Re: Here is a Game of "Prints"

#22
Steve's comments on Janus are excellent.
I think the inscription reads something like "Pacis in germanicum Martem venia: per Sebastianum Brand defleta".
I am not able to completely translate this, but I think we can identify the left image with Peace (Pax, pacis) and the right image with War (represented by Mars).

The schema in which an image is made of two parts that represent opposites is quite common in ancient art. I am thinking of Amor Sacro Amor Profano by Tiziano, for instance:
http://www.basae.beniculturali.it/openc ... rofano.jpg

Since in this case Peace is on the left and War on the right, I think the subject refers to a time when peace ended and was replaced by war, rather than vice-versa.

Marco

Re: Here is a Game of "Prints"

#23
I'm not sure how the two halves are playing off each other, what the authors message is, other than showing the contrasts of Peace (Janus as the keeper of Peace, Mercury as perhaps the flourishing of knowledge or health in peace-time, the musicians as enjoyment, the laborers as productivity...) and War (with Mars all hot and bothered and lots of mayhem). For myself, I've re-imagined the wolf & sheep as doberman & poodle. It just makes more sense in my world. :ymdevil:
When a clock is hungry, it goes back four seconds.

Re: Here is a Game of "Prints"

#25
marco wrote: I think the inscription reads something like "Pacis in germanicum Martem venia: per Sebastianum Brand defleta".
Ah, peace unto Germanicii (is brant making a reference to Ovid?) ~ that makes more sense! Paris (duh!)
Immature poets imitate; mature poets steal; bad poets deface what they take, and good poets make it into something better, or at least something different.
T. S. Eliot

Re: Here is a Game of "Prints"

#27
R.A. Hendley wrote:Mercury as perhaps the flourishing of knowledge or health in peace-time
I agree with your analysis of the elements of Peace and War, RAH. But I think that Mercury is here mainly as a symbol of the flourishing of commerce, since he is holding a purse which I think is full of money. Still, the presence of this God also suggests the other associations you pointed out.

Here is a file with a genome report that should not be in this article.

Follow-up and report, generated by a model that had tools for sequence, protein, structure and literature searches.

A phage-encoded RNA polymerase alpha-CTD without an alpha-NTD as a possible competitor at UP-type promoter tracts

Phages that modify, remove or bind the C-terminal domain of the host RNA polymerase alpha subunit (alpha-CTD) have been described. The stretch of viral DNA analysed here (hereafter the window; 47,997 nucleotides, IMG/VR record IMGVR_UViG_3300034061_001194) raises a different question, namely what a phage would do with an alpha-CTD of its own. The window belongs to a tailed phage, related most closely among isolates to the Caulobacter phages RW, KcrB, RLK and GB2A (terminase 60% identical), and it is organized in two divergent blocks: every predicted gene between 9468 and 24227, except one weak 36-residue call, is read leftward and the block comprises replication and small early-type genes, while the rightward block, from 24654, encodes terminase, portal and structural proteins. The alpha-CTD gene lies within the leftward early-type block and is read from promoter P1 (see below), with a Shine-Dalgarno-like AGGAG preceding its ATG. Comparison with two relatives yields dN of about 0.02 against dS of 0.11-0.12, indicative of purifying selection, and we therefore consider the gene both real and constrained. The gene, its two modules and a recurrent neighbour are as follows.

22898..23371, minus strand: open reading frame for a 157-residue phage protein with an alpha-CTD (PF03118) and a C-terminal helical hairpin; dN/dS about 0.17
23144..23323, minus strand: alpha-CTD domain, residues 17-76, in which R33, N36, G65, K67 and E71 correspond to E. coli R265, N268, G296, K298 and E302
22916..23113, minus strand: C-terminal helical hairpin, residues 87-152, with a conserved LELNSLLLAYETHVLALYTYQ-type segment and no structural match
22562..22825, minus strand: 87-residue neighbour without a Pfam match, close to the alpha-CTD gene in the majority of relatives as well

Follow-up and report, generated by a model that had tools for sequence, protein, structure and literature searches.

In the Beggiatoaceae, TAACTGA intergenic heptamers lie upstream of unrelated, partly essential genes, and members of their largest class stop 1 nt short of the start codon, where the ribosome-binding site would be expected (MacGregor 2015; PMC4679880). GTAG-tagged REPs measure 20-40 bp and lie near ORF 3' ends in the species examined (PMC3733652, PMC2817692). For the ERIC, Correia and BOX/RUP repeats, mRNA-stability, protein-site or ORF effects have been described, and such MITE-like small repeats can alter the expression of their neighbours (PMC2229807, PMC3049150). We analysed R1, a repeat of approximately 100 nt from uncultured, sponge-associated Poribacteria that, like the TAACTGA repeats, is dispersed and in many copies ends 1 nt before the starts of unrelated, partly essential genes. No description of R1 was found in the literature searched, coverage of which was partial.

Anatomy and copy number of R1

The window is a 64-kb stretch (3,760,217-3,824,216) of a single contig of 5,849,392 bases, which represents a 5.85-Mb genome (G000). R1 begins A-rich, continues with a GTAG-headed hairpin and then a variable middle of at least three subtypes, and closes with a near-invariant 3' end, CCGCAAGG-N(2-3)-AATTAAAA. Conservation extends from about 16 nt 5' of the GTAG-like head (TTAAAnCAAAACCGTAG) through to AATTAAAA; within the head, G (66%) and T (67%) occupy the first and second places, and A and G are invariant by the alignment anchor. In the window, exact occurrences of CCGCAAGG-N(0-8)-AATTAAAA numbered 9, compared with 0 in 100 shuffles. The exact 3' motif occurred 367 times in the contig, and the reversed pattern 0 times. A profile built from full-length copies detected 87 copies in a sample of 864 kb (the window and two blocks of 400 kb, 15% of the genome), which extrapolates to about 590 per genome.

debra wrote:So the burning knight is Mars?
Yes. Mars is the red planet of fire. From the style of this engraving, for instance the funny Mercury which was promptly recognized by Steve but is far from obvious, I would say it might have been produced in the second half of the XV century: a time when the invention of cannons was recent. So I suspect one of the meanings could be to condemn the invention of cannons as something that contributed to put Peace to an end. I am far from sure about this :) Cannons appear in the background. Since they are "fire-weapons" they might be somehow related to the "burning" Mars we see in the foreground.

It is interesting to see how this German work compares to Italian works of the same time (e.g. the so-called Mantegna Tarot, 1465). This print is still medieval, while the Mantegna already shows many elements that can be associated to the Renaissance and to a direct knowledge of classical images of the gods.


Who was Sebastian Brant?


From the position in the print, one could think he is the engraver and this is a kind of signature. But I suspect "defleta" means "destroyed", so possibly he is the responsible of the situation we see represented in the right image? I wish I could use a dictionary! :-B

Marco

Re: Here is a Game of "Prints"

#29
marco wrote:
Who was Sebastian Brant?

I still think probably the German poet, most famous for his 'Ship of Fools' as I mentioned in my first post, it is he who immediately comes to mind (and led to my misreadin Marte as narre).
debra wrote:What is at Mercury's feet? At first I thought "really big wings" but they are ridiculously big for that...

Is it "deflecta"? I was thinking "depicted"...
I think they are 'ridiculously big wings', they along with the caduceus are how I recognised him as Mercury, when the snakes of the caduceus blow in the wind like ribbons as in this picture it usually empahsises the function of Mercury as herald; but thereagain the purse may be emphasising him as merchant, trade & commerce as mentioned by Marco, RAH.

As to the latin, I was thinking defleta as in 'lament'.
Immature poets imitate; mature poets steal; bad poets deface what they take, and good poets make it into something better, or at least something different.
T. S. Eliot

Re: Here is a Game of "Prints"

#30
SteveM wrote:
marco wrote:
Who was Sebastian Brant?

I still think probably the German poet, most famous for his 'Ship of Fools' as I mentioned in my first post, it is he who immediately comes to mind (and led to my misreadin Marte as narre).
.....

As to the latin, I was thinking defleta as in 'lament'.
I have checked a dictionary...I guess I have violated the rules :(
You are right about defleta and I suppose also about Brant. So this print is somehow an illustration of something he wrote.

Marco

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